The photothermal conversion efficiency of the prepared SM-NP-Tw was evaluated by irradiation using white light. The SM-NP-Tw suspension was placed in a glass cuvette and irradiated with white light from a halogen lamp source (1.6 W/cm2) for 12 min at room temperature. The distance between the light source and the sample was fixed at 10 cm. The temperature changes throughout the experiment were measured and recorded [25]. Temperature changes were compared with that of distilled water [1, 12]. The experiment was repeated three times, and data were represented as mean ± SD.

To examine the storage stability, the prepared SM-NP-Tw were placed at 4 °C for 10 months. Particle size, zeta potential, and polydispersity index were measured at different time points, using dynamic light scattering [13].

2.6 In vitro release of SM from SM-Np-Tw

The in vitro release of the melanin from the prepared SM-NP-Tw was studied under sink conditions using dialysis membrane tubing (molecular weight cutoff 12,000–14,000) presoaked in HEPES buffer for 24 h at room temperature. One ml of the SM-NP-Tw was placed in 5 cm2 membrane tubes closed with clamps and suspended in a 10 ml acceptor medium of HEPES buffer (pH 7) containing 1% Tween 80 [25]. The solution was continuously stirred at 400 rpm, and the temperature was adjusted to 37 °C to mimic the in vivo conditions. Afterward, aliquots were collected from the acceptor solution and replaced with 1 ml of HEPES buffer at different time points [12]. The aliquots were measured spectrophotometrically at 340 nm to determine the amount of melanin released. The concentration of melanin released from the formulation was calculated from a standard calibration curve. The experiment was repeated three times, and the mean cumulative release of melanin was calculated and plotted as a function of time. For studying the release kinetics of melanin from SM-NP-Tw, the data were fitted to zero, first and Higuchi’s diffusion control models using coefficient of variation for data analysis StatistiXL for MS Excel software. By applying the highest linear correlation coefficient (R2) and the least coefficient of variation, the release kinetics was evaluated, and the release rate constant (K) was calculated.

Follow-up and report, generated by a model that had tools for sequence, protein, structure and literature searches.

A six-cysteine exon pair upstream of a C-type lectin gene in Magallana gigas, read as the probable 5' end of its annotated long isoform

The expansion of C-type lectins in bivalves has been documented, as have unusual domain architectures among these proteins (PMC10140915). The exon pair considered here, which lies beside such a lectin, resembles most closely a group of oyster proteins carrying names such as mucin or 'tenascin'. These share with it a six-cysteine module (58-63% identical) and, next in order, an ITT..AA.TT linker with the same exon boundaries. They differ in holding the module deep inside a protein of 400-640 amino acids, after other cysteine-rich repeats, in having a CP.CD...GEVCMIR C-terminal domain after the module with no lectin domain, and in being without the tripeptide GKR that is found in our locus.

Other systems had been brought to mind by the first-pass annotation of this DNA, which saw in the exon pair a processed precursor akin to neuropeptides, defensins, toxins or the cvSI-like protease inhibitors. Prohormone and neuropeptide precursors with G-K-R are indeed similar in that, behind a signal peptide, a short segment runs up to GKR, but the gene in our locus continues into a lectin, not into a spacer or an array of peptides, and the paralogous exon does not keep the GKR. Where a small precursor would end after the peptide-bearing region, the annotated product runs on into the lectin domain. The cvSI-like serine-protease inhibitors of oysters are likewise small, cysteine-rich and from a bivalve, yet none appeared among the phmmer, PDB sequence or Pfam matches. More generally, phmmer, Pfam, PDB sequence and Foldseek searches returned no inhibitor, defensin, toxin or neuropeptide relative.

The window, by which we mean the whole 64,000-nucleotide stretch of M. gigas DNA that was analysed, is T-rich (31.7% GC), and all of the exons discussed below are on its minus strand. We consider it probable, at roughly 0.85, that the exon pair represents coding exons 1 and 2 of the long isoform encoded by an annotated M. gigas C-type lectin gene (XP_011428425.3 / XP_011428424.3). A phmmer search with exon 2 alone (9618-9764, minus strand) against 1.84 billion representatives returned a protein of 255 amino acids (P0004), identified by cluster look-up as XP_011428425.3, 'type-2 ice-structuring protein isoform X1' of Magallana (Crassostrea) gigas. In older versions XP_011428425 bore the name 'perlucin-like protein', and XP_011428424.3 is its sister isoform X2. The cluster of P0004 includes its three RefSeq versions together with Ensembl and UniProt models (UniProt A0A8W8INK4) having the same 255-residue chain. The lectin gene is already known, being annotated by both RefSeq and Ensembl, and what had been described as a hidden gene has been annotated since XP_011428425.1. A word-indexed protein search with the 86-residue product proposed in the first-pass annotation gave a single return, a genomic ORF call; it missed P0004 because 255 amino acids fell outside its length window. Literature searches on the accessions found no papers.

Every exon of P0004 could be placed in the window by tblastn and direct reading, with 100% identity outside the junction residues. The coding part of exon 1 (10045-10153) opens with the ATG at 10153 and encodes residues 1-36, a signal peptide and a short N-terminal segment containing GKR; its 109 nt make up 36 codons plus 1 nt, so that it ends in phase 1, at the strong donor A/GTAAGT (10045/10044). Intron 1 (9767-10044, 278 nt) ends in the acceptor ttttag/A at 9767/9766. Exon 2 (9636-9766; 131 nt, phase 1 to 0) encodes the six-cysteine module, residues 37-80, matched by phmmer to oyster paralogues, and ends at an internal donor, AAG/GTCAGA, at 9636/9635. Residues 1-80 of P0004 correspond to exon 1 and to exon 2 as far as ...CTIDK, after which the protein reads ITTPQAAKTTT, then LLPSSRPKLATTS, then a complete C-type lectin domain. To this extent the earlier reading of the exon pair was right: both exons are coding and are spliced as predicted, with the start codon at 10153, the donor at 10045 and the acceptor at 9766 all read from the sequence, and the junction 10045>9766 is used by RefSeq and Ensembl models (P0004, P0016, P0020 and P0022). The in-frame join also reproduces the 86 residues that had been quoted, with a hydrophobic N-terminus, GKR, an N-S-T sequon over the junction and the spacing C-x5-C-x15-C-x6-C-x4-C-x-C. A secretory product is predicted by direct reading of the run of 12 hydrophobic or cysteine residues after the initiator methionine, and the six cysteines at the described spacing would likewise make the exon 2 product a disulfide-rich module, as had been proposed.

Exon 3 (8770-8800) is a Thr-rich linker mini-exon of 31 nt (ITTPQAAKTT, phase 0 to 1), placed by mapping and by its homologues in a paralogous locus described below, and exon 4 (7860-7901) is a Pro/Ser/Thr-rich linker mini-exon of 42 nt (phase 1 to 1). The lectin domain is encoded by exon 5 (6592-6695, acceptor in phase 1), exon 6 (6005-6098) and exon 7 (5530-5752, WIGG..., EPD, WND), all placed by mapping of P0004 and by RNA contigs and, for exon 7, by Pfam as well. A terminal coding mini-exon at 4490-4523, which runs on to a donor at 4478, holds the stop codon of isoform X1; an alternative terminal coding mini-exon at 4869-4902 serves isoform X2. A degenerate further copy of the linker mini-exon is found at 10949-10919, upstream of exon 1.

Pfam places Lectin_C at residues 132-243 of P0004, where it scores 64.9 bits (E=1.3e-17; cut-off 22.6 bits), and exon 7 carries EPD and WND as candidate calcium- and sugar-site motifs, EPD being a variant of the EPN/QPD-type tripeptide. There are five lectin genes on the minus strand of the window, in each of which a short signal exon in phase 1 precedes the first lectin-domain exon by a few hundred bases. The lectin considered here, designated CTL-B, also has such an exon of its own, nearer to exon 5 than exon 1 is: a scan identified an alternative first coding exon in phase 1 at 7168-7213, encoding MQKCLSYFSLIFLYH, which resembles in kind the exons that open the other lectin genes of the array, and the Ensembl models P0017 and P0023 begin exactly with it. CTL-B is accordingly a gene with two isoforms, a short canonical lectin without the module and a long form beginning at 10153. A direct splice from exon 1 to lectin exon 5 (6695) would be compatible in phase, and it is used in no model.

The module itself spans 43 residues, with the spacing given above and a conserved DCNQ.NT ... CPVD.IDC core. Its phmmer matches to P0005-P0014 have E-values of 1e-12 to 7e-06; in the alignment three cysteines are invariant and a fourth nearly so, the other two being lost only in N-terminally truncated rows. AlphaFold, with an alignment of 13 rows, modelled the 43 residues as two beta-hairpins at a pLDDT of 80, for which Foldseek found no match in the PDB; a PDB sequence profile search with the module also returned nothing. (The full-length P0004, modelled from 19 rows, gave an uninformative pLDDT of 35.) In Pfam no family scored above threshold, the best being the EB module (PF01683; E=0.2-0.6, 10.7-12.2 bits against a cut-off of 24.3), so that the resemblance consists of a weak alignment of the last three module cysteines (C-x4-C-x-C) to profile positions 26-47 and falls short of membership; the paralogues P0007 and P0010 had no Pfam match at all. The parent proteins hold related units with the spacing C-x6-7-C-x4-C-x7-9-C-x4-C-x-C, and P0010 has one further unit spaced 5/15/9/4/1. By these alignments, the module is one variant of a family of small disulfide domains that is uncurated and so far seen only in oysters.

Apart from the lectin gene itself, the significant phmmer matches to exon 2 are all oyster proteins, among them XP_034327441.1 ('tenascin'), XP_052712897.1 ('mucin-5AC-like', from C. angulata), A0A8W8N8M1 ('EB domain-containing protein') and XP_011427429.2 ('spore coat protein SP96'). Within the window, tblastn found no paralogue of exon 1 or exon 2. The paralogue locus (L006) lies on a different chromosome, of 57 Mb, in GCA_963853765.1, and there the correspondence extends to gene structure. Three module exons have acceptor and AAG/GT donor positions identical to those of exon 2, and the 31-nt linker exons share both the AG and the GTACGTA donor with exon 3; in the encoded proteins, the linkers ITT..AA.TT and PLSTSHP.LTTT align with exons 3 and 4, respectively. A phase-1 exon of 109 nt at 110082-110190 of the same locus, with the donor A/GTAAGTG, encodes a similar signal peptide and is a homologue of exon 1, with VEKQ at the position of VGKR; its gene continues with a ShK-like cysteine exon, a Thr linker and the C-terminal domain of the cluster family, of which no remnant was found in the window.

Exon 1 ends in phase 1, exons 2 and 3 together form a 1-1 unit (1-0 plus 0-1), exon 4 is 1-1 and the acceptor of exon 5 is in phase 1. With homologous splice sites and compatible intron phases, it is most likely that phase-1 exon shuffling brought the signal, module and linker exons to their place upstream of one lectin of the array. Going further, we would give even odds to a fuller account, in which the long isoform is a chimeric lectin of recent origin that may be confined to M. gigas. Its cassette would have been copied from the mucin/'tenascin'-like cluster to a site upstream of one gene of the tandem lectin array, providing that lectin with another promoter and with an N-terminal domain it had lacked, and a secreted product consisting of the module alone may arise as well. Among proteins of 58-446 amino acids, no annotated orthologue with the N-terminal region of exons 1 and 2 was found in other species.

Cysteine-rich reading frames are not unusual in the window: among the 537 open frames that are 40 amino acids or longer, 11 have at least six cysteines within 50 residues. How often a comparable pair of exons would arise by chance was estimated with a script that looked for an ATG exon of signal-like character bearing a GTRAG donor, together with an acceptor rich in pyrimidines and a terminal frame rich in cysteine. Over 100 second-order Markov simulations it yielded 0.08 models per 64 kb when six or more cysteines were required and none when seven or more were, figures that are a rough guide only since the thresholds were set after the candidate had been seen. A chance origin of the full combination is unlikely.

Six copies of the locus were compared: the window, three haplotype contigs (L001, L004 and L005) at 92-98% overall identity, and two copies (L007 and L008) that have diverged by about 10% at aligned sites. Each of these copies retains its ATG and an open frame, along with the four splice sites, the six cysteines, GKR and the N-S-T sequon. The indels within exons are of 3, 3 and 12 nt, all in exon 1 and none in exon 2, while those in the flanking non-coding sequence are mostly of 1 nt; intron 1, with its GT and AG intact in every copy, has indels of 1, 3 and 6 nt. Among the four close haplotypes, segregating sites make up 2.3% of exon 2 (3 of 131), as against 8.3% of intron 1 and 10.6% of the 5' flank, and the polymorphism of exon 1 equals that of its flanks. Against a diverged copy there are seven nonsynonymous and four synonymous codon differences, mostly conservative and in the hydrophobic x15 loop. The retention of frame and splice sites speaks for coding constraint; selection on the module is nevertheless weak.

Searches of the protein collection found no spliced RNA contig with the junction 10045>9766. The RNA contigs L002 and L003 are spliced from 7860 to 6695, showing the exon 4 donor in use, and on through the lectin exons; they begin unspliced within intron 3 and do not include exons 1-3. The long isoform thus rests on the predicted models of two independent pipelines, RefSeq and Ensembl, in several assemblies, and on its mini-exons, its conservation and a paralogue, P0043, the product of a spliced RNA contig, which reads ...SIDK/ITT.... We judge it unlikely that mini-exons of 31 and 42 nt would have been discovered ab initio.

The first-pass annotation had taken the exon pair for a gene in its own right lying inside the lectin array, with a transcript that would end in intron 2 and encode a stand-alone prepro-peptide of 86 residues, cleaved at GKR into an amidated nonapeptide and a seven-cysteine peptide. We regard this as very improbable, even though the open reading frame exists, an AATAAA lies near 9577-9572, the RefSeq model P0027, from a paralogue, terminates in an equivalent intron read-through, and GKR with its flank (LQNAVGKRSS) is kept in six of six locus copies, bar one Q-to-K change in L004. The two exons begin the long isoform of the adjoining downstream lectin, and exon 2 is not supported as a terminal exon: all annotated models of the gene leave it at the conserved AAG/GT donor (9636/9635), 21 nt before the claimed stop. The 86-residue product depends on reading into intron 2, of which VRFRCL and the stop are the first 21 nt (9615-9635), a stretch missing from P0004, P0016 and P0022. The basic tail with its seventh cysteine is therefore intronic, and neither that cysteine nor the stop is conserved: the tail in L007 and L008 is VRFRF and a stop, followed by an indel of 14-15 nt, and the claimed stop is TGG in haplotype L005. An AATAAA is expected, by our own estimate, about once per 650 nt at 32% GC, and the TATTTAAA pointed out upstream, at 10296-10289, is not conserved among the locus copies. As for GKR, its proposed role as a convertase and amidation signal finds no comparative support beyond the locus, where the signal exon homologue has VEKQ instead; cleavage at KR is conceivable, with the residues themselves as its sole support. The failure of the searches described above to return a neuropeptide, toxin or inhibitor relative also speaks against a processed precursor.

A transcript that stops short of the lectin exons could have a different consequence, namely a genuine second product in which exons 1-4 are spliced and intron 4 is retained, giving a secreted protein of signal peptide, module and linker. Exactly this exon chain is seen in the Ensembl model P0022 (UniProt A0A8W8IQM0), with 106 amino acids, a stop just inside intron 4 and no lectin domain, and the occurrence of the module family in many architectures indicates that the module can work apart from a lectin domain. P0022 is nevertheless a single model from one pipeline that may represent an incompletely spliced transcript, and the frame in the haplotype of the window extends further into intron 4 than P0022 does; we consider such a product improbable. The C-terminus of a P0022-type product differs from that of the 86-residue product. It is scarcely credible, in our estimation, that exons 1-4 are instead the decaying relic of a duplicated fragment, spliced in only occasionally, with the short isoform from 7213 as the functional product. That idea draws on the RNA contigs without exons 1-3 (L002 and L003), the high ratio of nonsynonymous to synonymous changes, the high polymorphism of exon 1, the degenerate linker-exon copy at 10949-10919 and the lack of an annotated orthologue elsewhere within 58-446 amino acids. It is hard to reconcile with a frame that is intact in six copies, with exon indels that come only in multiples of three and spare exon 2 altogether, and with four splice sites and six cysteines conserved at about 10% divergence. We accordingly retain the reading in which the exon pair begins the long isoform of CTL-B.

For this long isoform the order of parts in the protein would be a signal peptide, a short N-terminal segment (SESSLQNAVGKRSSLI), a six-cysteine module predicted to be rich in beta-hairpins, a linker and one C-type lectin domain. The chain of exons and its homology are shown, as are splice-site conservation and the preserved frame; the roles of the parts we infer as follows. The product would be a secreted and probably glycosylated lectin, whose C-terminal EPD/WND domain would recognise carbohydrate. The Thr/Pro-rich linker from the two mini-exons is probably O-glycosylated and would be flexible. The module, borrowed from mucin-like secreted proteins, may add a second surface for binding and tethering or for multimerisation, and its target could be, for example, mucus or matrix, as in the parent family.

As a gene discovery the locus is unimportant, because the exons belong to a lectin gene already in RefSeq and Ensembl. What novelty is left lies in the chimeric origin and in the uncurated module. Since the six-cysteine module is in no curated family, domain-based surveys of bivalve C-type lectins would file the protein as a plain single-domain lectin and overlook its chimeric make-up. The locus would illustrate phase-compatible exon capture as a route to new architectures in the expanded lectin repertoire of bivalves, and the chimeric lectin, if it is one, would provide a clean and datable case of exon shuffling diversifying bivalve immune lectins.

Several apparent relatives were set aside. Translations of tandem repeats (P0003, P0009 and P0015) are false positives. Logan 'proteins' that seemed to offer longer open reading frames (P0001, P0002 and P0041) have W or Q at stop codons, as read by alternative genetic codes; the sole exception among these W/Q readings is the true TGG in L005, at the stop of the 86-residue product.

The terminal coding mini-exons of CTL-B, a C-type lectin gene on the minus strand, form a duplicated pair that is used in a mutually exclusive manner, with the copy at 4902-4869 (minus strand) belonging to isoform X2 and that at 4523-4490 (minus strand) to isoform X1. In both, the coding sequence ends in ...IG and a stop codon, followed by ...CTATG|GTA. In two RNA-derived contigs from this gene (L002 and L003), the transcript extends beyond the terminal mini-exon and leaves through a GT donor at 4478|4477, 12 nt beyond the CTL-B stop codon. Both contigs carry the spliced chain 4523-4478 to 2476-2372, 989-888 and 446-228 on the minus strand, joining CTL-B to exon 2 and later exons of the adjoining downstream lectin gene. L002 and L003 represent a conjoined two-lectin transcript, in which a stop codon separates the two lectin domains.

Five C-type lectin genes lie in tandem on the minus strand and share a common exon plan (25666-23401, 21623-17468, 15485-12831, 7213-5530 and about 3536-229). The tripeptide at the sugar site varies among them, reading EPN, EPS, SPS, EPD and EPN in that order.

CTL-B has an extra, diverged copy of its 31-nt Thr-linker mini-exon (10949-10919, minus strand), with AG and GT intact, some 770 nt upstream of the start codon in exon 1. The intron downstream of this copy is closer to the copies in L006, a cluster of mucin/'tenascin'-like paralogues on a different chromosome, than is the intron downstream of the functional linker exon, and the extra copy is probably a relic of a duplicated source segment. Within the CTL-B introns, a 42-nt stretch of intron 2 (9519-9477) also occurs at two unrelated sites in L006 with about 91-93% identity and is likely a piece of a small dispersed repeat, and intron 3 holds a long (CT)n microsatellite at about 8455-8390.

2.7 In Vitro dark and photocytotoxicity assay

Aliquots of 100 μL HepG2 cell suspension (5 × 103 cells) were seeded in 96-well plates and incubated in complete media for 24 h. Cells were treated with another aliquot of 100 μL media containing SM-NP-Tw at various melanin concentrations (10,100 and 500 µg/ml) and incubated for 48 h.

After the incubation period, the cytotoxicity of SM-NP-Tw was assessed by sulforhodamine B (SRB) assay after fixation with 10% TCA (trichloroacetic acid), as previously described [26].